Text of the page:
Next stop is Kuala Lipis, an isolated town deep in the jungle, which claims evidence of Neolithic life. Before the railway it took two weeks to reach Singapore from here on trails hacked through the virgin jungle. To make life easier, the current network was built in the 1920s by the colonial government, to transport tin ore out of the interior. No mean feat for the engineers dealing with the jungle wildlife, the rivers and the monsoons.
Having left Taman Negara behind its southern gateway town of Jerantut is reached in the early afternoon. Here lots of people get off and head into the heart of Malaysia. At this point the jungle really ends.
I stand up between the carriages for a while and enjoy the smell of the outdoors and the refreshing rain and wind through the open door.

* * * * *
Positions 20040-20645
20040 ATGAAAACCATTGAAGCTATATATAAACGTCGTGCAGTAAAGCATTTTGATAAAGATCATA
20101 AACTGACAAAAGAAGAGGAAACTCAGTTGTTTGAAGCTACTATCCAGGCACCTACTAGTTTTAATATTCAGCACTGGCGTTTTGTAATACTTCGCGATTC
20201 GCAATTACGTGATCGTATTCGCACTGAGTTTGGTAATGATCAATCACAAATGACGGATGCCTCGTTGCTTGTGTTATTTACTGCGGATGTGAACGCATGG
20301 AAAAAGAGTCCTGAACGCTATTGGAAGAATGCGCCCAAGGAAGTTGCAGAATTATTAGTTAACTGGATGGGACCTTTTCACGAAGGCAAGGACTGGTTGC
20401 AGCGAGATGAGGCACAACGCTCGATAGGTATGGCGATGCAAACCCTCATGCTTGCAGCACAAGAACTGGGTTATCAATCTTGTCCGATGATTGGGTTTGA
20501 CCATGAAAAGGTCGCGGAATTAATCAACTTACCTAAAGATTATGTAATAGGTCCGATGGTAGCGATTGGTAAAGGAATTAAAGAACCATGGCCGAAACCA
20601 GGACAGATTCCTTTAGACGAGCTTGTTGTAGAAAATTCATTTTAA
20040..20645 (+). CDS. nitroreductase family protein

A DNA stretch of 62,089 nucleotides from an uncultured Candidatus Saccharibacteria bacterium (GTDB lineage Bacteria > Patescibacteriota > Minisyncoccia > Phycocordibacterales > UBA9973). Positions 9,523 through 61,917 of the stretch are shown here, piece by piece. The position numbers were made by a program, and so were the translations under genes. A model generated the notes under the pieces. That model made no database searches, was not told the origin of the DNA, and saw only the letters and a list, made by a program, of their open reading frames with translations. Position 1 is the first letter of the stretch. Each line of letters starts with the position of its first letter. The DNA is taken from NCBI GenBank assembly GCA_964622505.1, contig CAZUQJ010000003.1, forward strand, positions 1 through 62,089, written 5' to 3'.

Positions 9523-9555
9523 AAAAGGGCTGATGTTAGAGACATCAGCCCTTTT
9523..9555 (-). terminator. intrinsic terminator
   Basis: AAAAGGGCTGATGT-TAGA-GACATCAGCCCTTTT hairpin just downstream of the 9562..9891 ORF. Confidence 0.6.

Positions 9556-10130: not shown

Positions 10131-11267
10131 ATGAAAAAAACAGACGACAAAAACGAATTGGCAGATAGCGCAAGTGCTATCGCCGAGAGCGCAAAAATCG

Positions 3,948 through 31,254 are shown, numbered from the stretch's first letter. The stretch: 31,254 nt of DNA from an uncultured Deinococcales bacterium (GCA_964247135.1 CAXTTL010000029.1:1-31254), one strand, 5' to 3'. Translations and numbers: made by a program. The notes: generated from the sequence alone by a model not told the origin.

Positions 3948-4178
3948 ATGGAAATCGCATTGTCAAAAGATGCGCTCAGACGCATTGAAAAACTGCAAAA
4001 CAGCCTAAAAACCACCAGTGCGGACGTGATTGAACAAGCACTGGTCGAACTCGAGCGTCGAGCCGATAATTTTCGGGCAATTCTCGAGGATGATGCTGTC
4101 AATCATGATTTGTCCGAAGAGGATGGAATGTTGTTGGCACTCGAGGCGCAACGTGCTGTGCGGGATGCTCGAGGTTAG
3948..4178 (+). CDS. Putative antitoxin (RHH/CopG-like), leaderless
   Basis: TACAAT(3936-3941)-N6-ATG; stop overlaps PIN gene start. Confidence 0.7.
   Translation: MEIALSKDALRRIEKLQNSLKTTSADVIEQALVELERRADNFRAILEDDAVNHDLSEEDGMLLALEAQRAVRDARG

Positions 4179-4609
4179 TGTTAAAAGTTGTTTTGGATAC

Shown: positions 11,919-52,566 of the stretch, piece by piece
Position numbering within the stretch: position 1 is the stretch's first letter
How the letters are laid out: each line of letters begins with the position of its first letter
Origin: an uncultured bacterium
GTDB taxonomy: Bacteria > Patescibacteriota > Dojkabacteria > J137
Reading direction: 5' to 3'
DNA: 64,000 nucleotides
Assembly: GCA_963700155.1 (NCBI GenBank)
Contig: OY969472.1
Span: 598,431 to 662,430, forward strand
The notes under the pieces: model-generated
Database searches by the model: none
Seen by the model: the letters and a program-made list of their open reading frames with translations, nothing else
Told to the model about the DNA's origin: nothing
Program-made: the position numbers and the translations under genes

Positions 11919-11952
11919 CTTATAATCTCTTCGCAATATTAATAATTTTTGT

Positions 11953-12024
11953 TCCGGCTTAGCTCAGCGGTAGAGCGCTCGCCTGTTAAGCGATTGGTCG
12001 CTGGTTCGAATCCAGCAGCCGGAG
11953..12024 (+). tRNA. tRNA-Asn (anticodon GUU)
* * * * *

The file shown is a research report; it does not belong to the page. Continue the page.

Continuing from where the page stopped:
Thunder and lightning punctuate the monotonous landscape of plantations of stout palm oil trees with sprouting fronds and tough, thick trunks. They stretch off into the distance in regimented lines, planted at uniform intervals. Tall and thin, silver barked trees with leaves mainly at the canopy house bags collecting sap for rubber production.
Arriving at Bahau in the late afternoon signifies our re-emergence into urbanised society. It is a large town with Petronas service stations and more expensive cars and houses. Only 250km from Kuala Lumpur, in the state of Negeri Sembilan, it has a cosmopolitan population; Malays living predominantly in the surrounding villages, Indians in the plantation estates and Chinese in the town itself.
There are more Chinese faces getting on and off now. A mother dishes up a plate of rice and a hot, delicious smelling accompaniment, for her son and a large Chinese family with lots of boxes cram into seats and spill into the aisles, jostling and arguing amiably.
A Hindu temple is visible close to the tracks. We are definitely getting further south. The range of different cultures becomes more apparent as we leave Malay proper behind.